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Mar 21, 2016

I didn't say it was. In fact I explicitly said it was not common (if you actually read my posts). I was just noting that compensation in investment banking is also volatile.

There's no need to be so confrontational. I'm just trying to provide the other side of the coin that is not always represented here on these forums. Chill

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Mar 18, 2016

There are very, very few IBD 'partners' clearing 8 figures. The only individuals who are doing that are (a) guys who started their own advisory firm and are therefore de facto owners of the business anyway, or (b) partners at Goldman and maybe a few Vice-Chairman level positions at JPM / MS - but even then, the vast, vast majority of MD's are not clearing $4mm a year.

4.5x deals don't really happen in the mega-space anymore, but they do happen in the upper MM / MM space where the deals are a bit more growth / platform oriented and you're not paying premiums on public take-privates. Still, the norm at a few of the upper MM firms I'm thinking about is 2.5 - 3x - for the top quartile funds.

At the end of the day, IBD is a sales / marketing oriented job. PE is a deal / investing oriented job. There's going to be some overlap, but one who is good at one does is not necessarily good at the other.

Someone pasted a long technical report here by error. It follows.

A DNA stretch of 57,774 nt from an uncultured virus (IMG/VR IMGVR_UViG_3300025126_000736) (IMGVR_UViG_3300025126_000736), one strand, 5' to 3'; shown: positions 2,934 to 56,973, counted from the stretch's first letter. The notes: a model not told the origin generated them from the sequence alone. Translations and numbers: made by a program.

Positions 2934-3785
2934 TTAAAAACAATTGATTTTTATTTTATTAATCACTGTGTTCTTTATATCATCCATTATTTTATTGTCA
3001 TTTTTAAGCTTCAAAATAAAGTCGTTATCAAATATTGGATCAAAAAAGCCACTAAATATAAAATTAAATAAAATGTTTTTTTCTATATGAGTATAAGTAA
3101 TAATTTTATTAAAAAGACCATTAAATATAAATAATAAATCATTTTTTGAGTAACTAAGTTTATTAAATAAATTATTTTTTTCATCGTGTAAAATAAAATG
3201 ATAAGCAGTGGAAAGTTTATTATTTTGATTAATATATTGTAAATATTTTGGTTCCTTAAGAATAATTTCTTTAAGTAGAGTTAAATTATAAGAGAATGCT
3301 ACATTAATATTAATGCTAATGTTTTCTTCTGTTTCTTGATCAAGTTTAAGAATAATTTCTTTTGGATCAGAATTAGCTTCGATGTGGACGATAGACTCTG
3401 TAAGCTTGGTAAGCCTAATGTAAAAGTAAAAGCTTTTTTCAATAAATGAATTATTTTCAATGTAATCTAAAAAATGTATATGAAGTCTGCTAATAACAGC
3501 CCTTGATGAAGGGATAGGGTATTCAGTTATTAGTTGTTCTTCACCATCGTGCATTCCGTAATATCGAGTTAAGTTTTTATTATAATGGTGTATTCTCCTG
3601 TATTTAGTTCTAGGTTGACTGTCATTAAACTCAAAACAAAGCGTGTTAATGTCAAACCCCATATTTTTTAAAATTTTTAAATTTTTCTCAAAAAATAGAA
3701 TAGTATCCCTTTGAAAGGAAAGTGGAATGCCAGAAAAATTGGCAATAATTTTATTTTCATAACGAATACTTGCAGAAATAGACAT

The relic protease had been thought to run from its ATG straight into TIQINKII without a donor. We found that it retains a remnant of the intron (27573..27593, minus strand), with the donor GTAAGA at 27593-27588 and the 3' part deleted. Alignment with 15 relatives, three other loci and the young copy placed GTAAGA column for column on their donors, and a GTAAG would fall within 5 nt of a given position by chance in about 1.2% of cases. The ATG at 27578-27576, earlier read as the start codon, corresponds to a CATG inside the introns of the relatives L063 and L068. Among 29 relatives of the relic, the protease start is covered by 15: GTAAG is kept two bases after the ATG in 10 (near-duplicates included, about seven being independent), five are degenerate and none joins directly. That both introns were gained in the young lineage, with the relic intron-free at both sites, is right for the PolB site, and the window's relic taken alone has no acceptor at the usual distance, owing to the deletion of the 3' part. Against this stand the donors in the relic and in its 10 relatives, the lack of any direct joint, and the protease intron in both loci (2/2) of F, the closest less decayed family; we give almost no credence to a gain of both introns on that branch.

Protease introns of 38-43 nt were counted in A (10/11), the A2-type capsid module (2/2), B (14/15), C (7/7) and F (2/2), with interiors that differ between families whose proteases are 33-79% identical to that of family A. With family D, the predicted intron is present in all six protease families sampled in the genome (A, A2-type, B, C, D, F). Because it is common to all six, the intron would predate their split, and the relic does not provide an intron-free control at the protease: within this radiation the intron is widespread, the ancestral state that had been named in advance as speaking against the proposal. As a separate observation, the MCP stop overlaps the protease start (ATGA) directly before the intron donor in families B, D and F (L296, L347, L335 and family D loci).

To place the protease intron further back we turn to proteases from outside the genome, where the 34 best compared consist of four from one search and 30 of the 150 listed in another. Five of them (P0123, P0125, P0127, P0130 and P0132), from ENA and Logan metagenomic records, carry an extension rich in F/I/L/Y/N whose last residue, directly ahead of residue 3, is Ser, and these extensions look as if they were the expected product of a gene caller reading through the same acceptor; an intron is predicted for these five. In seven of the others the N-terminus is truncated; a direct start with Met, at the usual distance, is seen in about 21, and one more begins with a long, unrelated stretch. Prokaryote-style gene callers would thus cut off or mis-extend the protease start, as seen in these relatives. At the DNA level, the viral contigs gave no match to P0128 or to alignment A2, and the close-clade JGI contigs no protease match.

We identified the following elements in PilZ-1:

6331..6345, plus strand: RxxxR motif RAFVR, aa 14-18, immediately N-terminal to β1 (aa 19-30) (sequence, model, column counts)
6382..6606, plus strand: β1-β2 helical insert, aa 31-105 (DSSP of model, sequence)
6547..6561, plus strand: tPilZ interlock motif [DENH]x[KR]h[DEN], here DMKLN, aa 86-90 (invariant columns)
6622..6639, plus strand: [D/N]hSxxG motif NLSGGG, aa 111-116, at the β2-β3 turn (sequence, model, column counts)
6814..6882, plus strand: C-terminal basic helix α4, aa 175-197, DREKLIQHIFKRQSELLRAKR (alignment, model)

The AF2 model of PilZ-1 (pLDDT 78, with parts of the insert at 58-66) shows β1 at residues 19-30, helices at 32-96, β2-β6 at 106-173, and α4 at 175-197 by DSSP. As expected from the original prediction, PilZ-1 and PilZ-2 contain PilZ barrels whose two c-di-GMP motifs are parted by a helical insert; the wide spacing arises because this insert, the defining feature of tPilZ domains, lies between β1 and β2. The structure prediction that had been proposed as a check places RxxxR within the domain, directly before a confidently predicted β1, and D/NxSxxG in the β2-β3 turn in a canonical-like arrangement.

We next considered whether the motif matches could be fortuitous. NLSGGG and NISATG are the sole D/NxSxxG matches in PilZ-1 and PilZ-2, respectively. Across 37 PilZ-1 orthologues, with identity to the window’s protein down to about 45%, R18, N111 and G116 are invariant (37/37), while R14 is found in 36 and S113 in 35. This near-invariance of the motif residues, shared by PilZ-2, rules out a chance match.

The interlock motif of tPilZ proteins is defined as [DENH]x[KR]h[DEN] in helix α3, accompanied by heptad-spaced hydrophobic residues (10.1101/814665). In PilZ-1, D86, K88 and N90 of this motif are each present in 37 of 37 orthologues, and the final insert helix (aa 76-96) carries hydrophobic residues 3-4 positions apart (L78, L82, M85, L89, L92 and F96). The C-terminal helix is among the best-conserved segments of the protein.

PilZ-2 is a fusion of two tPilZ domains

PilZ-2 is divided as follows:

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Mar 18, 2016
ibhopeful532:

At the end of the day, IBD is a sales / marketing oriented job. PE is a deal / investing oriented job. There's going to be some overlap, but one who is good at one does is not necessarily good at the other.

That's an interesting way to put it. Whose responsibility does negotiating terms fall on? I would say that is pretty deal heavy versus marketing/sales.

Mar 18, 2016

Well yes, if we're speaking strictly about BB firms, then 8 figures is extremely rare and limited to a few rainmakers at top groups. It's not common, but much more feasible at EB's where group structure is more lean.

Negotiating terms of a deal is actually quite related to marketing/sales oriented in my opinion. I would add though that the advisory side feels distinct from sales/marketing and is actually really cool. One of our MD's is the go-to guy for the CEO of one of the largest companies in the world whenever he wants advice. Must feel great.

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Mar 20, 2016

Don't expect to be Schwartzman or Kravis. Those times are long gone and most of the people entering PE as associates will not make it to partner. Go into whichever field is more interesting for you and whichever field you think you'll do better in.

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Mar 20, 2016

Look - it's investing versus deal making. In investment banking you are a trusted financial advisor. So if a client wants to raise debt or equity, or if they are considering inorganic expansion, you will be their advisor. If a client needs something - really anything - you will be responsible for making them happy.

In private equity, you are not an advisor. You are an investor. You are seeking out great investment opportunities. It is very diligence focused. Some people find this to be a more intellectually rewarding exercise because you are not beholden to a client and are able to develop your own thoughts about an investment opportunity.